Anyone who has flown in to Catalina Airport (AVX), also named “Airport in the Sky” as it is situated atop a 1,602-foot mountain on Catalina Island about 20 miles off the beach-clad shores of southern California, knows the airport has long been in pretty bad shape. Potholes and pebbles make the runway best suited for rugged taildraggers. But soon the 3,250-foot runway will get the facelift it so badly needs. A $5 million project is underway to repair the runway, according to a press release from the Catalina Conservancy.
The money for the repair project comes from donations to the Conservancy, the release said. While the airport is owned by the Conservancy, the public is invited to visit. A $25 landing fee is required for visitors who fly in. Visitors can enjoy a $100 bison burger at the DC-3 Gifts and Grill restaurant, jump on a bus to the town of Avalon, or take a scenic hike along a path that leads around the airport or to a local campground if an overnight stay is possible. ”The Airport in the Sky is an historic and critical asset, providing access to Catalina Island for first responders, travelers and more than 2 million tons of freight each year,” said Catalina Island Conservancy president and CEO, Tony Budrovich. “With this runway repair project, I would project more than 75 years of runway operations in our future.”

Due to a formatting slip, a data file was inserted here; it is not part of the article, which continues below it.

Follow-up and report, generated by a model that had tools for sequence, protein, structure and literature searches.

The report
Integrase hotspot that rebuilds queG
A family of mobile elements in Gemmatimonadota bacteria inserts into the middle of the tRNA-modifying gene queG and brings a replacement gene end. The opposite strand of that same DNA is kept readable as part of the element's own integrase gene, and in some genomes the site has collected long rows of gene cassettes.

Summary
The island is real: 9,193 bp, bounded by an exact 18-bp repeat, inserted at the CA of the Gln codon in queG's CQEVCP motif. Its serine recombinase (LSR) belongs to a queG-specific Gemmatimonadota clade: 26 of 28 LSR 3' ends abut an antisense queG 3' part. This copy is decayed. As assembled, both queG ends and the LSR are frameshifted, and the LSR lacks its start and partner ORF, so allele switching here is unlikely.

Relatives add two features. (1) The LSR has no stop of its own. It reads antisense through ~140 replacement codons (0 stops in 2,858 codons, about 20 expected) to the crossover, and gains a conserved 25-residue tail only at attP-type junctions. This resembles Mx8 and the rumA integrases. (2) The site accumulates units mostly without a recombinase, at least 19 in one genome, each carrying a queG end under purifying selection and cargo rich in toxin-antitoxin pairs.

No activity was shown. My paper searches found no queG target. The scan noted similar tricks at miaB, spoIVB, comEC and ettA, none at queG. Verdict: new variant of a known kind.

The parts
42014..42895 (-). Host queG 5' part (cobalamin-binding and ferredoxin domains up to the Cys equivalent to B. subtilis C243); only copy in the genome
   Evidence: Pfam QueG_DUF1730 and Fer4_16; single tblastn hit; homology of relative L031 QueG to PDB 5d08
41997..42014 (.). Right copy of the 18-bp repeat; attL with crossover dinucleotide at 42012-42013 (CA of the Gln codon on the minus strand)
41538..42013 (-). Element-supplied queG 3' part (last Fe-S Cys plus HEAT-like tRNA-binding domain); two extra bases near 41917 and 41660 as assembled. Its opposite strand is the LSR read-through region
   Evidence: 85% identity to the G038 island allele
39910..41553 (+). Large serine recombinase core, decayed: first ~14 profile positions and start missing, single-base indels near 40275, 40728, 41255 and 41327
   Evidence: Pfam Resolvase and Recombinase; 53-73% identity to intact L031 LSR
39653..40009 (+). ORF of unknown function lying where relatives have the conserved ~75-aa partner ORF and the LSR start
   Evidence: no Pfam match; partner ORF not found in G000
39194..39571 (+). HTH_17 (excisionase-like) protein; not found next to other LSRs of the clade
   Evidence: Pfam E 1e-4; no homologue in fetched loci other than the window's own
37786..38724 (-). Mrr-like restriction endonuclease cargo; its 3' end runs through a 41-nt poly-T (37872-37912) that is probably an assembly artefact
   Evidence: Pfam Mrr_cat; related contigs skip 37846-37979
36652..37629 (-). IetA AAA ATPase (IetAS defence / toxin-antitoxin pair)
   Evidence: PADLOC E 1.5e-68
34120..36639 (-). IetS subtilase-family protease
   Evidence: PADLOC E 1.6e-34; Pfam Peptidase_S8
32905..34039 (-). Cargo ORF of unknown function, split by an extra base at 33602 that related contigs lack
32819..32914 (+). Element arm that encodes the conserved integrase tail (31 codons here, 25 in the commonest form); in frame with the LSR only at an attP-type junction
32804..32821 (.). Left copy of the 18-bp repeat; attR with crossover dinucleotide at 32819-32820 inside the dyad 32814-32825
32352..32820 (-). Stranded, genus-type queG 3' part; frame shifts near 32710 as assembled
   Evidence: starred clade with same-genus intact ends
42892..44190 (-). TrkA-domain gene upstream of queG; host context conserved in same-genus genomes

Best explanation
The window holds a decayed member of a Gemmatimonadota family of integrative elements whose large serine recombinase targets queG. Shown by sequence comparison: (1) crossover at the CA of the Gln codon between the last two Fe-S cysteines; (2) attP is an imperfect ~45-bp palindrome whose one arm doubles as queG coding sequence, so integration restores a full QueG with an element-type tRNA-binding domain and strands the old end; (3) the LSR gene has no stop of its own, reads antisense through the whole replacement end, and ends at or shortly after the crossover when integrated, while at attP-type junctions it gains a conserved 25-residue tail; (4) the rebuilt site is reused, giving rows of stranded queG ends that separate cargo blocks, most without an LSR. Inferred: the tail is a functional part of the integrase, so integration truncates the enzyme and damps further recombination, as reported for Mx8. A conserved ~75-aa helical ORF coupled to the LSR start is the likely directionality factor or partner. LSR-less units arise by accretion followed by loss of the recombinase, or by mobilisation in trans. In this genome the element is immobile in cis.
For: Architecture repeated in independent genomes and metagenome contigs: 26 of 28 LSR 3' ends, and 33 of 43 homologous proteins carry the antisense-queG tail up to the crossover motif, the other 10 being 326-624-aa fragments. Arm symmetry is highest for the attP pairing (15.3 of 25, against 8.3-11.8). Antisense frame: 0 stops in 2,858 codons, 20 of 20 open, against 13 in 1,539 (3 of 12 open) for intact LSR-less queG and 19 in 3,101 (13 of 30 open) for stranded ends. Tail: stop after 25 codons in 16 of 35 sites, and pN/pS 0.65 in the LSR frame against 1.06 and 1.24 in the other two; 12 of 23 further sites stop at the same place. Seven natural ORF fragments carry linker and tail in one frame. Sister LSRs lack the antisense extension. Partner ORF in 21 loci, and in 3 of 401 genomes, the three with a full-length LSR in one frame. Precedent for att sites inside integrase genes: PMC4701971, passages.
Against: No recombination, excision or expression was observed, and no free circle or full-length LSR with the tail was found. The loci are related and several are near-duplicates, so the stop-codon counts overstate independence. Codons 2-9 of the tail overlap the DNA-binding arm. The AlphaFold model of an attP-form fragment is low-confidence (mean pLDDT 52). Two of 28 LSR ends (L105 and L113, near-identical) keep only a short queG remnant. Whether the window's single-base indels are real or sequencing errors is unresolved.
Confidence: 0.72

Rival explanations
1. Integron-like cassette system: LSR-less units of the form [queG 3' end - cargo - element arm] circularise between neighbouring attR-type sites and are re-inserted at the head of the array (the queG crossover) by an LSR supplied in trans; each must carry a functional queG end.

U.S. Marines from the local I Marine Expeditionary Force (I MEF) based at the local Camp Pendleton will participate in the runway project and, in addition to repairing the ailing runway, will use the airport project for training as part of the Department of Defense’s Innovative Readiness Training Program, which merges military training with public needs. “This challenging project allows Marines to gain valuable experience in repairing damaged runways, and increases our capabilities and readiness to tackle a range of military operations across the globe,” said Lt. Colonel Duncan Buchanan of I MEF.
Flights to Catalina Island were first handled in seaplanes, with the first operation happening as early as 1912 when Glenn Martin reportedly completed what could have been the longest overseas flight at that time – a 27-minute journey from Newport Beach. A seaport still exists near Avalon, which also supports public boat service for visitors from the mainland.
The Airport in the Sky opened in 1946, when Catalina Airlines was founded. The work for the airport was commissioned by chewing-gum magnate William Wrigley’s family that owned the island and developed it as a tourist destination in the early 1900s.